13 (Ways) On How to Tell If Someone Has Been in Your House

Did you ever come home from a week’s vacation or after a long day at work to find that something just doesn’t feel right? Maybe your doormat has moved slightly to one side or the socks in your drawer seem even messier than usual. You can’t put your finger on it, but you can tell something’s off. Before you start panicking, here is a step-by-step guide on how to tell if someone has been in your house.

I, for one, have certainly had my fair share of worrying about potential burglaries and break-ins. That is why I compiled this list for you using these excellent resources. I am also currently looking into getting both outdoor and the battery powered ip camera for my home and will make sure to let you know how that goes too!


Step 1: Check for Unfamiliar Vehicles Parked Outside Your House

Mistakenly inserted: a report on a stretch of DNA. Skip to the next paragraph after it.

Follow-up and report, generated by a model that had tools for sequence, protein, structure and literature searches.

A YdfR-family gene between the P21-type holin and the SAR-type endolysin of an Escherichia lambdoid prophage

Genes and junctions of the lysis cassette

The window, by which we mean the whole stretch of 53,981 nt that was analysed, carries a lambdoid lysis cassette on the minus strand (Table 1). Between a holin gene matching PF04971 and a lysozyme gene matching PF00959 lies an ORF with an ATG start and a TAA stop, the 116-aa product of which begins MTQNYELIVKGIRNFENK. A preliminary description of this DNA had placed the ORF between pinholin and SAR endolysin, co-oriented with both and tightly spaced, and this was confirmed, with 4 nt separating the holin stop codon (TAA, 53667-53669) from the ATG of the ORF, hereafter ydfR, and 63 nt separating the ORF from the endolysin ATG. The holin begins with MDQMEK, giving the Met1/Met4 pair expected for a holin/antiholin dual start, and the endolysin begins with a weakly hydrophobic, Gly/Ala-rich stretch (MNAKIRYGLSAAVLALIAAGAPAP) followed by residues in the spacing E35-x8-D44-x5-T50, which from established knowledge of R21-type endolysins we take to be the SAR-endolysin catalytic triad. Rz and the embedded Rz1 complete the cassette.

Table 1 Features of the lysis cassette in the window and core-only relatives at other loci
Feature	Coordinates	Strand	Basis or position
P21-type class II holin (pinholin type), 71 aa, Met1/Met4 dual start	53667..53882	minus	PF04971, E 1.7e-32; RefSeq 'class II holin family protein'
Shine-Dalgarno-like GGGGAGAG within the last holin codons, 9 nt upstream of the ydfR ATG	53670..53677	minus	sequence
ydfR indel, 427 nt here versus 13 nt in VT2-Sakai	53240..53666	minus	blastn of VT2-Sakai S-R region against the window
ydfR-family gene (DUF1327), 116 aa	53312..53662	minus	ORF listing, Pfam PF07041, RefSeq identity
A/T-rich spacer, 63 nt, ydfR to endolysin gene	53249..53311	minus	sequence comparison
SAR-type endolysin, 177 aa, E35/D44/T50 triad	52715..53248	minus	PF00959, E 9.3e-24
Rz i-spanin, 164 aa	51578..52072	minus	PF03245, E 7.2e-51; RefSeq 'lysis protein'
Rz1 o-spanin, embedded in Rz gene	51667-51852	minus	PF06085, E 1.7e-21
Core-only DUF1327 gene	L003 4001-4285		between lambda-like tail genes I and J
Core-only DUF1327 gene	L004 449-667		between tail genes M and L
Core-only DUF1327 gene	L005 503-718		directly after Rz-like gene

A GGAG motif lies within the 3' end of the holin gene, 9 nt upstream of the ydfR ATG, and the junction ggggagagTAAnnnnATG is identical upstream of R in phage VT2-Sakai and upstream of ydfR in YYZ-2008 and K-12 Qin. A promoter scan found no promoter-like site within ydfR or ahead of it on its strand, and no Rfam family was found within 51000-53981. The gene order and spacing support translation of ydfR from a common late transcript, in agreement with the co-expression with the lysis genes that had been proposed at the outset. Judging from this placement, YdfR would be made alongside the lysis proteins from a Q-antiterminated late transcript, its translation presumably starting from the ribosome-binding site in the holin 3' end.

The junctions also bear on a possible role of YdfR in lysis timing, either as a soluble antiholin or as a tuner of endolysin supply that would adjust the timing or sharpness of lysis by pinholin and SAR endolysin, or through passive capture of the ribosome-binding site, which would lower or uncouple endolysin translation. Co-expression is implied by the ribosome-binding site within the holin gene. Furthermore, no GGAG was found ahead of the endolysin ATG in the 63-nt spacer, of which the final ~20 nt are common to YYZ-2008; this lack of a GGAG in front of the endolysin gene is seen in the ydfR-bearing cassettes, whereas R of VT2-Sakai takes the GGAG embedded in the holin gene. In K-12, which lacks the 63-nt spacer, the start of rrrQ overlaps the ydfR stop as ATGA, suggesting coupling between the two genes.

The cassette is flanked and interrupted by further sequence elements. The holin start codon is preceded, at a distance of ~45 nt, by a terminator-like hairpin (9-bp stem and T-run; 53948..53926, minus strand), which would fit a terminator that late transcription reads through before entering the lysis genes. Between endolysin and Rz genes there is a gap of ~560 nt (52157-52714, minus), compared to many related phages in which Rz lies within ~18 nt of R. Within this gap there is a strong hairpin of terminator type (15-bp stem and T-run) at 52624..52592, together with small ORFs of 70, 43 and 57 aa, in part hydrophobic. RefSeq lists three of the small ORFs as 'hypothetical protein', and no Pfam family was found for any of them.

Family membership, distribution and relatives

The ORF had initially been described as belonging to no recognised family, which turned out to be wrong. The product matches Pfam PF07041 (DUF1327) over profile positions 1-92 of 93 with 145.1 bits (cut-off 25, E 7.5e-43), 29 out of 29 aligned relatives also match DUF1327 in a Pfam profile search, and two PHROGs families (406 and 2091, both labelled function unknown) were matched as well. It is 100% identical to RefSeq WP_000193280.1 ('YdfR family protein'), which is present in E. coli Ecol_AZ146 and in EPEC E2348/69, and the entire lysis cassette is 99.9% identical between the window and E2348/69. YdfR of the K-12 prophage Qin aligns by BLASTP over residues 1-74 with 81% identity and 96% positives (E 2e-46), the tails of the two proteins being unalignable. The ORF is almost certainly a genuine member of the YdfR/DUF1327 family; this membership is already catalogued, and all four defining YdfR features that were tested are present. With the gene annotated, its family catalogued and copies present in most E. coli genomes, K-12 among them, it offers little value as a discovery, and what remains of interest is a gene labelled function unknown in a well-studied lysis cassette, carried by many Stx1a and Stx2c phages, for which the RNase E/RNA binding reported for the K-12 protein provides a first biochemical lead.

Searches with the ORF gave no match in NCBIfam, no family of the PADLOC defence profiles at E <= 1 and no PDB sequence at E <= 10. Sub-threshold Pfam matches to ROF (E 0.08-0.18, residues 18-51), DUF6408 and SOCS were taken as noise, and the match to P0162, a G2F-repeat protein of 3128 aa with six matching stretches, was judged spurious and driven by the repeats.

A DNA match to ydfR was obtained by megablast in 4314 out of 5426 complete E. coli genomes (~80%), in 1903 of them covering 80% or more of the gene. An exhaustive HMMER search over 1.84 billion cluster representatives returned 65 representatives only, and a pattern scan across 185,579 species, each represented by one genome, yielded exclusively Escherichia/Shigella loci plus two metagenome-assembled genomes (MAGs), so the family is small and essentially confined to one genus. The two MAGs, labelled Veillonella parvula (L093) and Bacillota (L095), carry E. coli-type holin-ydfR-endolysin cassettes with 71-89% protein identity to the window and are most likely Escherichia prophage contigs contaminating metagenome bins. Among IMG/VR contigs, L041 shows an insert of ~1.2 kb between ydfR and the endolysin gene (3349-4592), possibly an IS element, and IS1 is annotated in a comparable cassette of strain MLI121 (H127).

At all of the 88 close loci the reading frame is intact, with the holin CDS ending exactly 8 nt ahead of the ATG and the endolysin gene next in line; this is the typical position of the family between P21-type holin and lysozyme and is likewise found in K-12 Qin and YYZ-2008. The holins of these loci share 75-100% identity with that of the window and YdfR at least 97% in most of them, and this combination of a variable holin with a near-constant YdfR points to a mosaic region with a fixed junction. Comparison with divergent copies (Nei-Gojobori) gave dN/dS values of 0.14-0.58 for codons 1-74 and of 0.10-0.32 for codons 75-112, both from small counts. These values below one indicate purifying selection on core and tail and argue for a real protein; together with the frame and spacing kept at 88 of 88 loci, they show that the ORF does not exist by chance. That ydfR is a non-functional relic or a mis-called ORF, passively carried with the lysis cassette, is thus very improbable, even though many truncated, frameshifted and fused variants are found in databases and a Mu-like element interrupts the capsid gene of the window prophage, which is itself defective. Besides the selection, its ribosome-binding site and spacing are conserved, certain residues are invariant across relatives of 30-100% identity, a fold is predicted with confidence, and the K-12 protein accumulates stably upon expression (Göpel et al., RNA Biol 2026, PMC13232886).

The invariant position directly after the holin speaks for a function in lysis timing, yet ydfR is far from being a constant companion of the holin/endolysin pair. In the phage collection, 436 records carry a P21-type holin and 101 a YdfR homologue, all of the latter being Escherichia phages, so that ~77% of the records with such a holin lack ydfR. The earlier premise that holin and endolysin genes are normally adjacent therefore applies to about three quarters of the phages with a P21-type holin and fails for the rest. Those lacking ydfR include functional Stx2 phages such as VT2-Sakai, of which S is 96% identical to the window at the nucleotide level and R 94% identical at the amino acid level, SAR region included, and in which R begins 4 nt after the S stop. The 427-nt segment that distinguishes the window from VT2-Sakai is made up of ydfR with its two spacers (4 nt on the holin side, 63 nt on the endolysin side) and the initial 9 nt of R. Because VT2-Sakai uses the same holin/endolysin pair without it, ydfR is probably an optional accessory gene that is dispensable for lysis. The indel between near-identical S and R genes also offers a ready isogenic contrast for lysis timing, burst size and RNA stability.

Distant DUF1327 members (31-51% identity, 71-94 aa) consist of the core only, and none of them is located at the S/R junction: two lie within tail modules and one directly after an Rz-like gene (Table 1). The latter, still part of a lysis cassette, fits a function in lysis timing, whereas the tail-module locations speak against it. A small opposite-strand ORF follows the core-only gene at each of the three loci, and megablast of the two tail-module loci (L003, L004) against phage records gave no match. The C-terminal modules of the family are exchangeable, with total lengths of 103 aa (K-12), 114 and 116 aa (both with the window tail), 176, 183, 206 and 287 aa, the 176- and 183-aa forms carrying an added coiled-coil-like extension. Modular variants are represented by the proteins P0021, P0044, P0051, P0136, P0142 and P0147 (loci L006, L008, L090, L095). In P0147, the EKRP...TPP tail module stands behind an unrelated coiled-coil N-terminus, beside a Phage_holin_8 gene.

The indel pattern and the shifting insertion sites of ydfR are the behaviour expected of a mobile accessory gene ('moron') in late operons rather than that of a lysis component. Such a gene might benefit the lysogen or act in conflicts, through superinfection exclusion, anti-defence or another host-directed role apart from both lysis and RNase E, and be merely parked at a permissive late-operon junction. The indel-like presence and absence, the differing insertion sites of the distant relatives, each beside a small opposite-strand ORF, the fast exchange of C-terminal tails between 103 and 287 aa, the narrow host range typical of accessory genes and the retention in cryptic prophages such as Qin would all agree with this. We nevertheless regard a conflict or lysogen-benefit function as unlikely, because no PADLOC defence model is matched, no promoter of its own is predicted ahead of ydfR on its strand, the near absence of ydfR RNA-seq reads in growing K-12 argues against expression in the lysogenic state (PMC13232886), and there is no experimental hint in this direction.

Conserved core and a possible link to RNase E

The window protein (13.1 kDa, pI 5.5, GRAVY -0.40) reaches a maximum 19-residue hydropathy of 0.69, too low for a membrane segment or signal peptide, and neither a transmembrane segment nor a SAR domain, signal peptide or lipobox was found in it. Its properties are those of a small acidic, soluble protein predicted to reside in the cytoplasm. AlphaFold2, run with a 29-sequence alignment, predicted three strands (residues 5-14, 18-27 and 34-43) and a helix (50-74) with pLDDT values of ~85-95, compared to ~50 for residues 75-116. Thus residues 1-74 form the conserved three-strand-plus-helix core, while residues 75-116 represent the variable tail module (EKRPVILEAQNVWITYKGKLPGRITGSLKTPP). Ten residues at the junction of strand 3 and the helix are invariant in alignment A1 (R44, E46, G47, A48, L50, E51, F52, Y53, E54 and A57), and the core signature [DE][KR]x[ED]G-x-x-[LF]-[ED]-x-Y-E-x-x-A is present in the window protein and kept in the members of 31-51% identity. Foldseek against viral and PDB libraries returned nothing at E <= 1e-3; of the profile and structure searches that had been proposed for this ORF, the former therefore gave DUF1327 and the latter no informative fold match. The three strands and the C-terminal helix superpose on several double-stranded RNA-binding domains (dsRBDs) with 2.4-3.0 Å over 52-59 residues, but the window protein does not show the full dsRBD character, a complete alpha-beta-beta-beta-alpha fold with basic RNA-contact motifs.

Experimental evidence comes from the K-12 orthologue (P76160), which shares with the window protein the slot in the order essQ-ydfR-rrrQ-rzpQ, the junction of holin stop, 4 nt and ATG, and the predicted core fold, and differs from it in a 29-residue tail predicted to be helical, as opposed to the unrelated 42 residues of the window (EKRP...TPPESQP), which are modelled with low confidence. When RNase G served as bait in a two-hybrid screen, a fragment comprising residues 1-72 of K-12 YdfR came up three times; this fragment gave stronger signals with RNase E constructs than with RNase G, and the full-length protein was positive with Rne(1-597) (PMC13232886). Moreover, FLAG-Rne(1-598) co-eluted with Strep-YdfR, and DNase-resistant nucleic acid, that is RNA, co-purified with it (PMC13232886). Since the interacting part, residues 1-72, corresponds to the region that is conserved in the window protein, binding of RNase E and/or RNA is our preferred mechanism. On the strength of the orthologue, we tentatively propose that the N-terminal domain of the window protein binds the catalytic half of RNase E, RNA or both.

Let’s start from the outside in. A strange car or van parked in your driveway or by the curb near your house could be the burglars’ getaway vehicle. Be Someone Has Been In Your Housemindful of any unfamiliar or suspicious-looking vehicles, especially after normal business hours.


Step 2: Check If The Lights Are On

As you approach your house, have a look at the windows from a distance. Is the light on in any of the rooms?

If it is and you are sure you turned off all the lights before you left, chances are someone has been there or still is. Be very careful and call the police if you have any doubts. Better be safe than sorry!


Step 3: Look for Open Windows

Even if the lights are all off, don’t look away from the windows just yet. Are any of the windows open or even slightly ajar when they shouldn’t be? If they are, that is definitely a red flag.


Step 4: See If The Door Is Open

The same goes for the door. Is it open or ajar? Is it unlocked when it shouldn’t be? Don’t just inspect the front door — have a look at the backdoor and any other entrances as well.



  • You can attach a thin, barely visible thread in front of your door. The thread will tear anytime someone opens the door and will serve as a handy visual clue that someone has been in your house. The only downside is that you would need to be extra careful not to ruin your own booby trap when you leave the house.


Step 5: Check for Footprints in the Garden